But there was only so much these players could do. A handful were contracted by SA Rugby but the rest toiled away as amateurs.
“Training was a place where you let off steam,” adds Potgieter, who was completing a law degree at the time. “You weren’t as focussed on developing skills and working on moves. You just wanted to forget about what happened in the week. But sometimes it was hard to concentrate if you had a deadline at the back of your mind.”
It was during this period that England and its top clubs in the Premier 15s set a benchmark. Though the Red Roses were felled in the World Cup final, their performances under Simon Middleton was a testament to what was possible when a group of elite athletes is supported by a stable base. Their set piece in particular caught the eye.
“We saw how they were doing things and we recognised that this was what was needed,” says Thando Manana, a former Springbok who now serves as the Bulls Daisies’ manager. “We recognised that these were the cornerstones of what made the Bulls and South African rugby so successful. Scrum, maul, line-out, aggression. We could do that. But we needed to learn and up our game.”
Manana went on a fact finding mission at the start of this year. He visited Saracens, Harlequins and Ealing Trailfinders to better understand how they ran their women’s programmes. He spoke to coaches and administrators. He asked a torrent of questions and returned to South Africa equipped with a workable blueprint.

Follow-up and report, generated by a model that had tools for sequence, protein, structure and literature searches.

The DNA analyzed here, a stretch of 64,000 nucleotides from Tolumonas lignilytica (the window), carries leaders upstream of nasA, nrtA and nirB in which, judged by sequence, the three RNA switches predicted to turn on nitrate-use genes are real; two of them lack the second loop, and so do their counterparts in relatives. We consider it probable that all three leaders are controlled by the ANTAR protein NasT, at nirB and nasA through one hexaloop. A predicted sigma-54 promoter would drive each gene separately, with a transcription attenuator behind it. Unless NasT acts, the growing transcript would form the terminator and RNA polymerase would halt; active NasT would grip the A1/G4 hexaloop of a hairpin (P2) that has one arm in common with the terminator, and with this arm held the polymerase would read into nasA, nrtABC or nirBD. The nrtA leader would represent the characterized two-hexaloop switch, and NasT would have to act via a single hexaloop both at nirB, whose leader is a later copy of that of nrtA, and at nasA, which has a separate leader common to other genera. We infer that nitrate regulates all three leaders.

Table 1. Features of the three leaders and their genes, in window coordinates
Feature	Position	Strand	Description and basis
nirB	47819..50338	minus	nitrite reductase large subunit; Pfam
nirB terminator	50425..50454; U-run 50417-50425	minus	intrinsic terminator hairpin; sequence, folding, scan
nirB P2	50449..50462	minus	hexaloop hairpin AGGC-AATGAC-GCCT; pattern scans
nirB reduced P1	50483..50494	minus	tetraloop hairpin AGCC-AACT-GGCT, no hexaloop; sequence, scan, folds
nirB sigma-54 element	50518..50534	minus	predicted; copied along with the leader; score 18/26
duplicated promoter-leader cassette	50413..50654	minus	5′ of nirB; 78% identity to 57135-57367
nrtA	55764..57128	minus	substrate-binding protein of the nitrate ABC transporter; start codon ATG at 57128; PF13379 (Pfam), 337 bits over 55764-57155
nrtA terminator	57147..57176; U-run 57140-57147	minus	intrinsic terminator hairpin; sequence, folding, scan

“What I learned was that you couldn’t be half in and half out,” Manana explains. “I promised the players that they would get everything the men get. We can’t yet pay them the same. The reasons for that are known. But they would travel to games like the men do. They will have access to the same facilities, the same equipment, the same medical care, the same expertise, the same training methods, the same insurance. We will treat them the same.
“We had a proper pre-season. We work with them individually on nutrition and recovery. They are looked after and they give back in ways you can’t imagine. They want to be here. They want to make this work. We all do. There is still a lot of work that lies ahead. But I am excited.”
The team is unbeaten after three games this season. Besides their victory in Gqeberha, they’ve also won on the road in East London and Durban, putting a combined 65 points on Border Ladies and Sharks Women without conceding a point.
As expected, their success has been built from the ground up. Like the all-conquering Bulls’ men’s team that claimed three Super Rugby titles between 2007 and 2010, the Daisies have created an indomitable pack that Potgieter says, “is the toughest in the country by a mile”.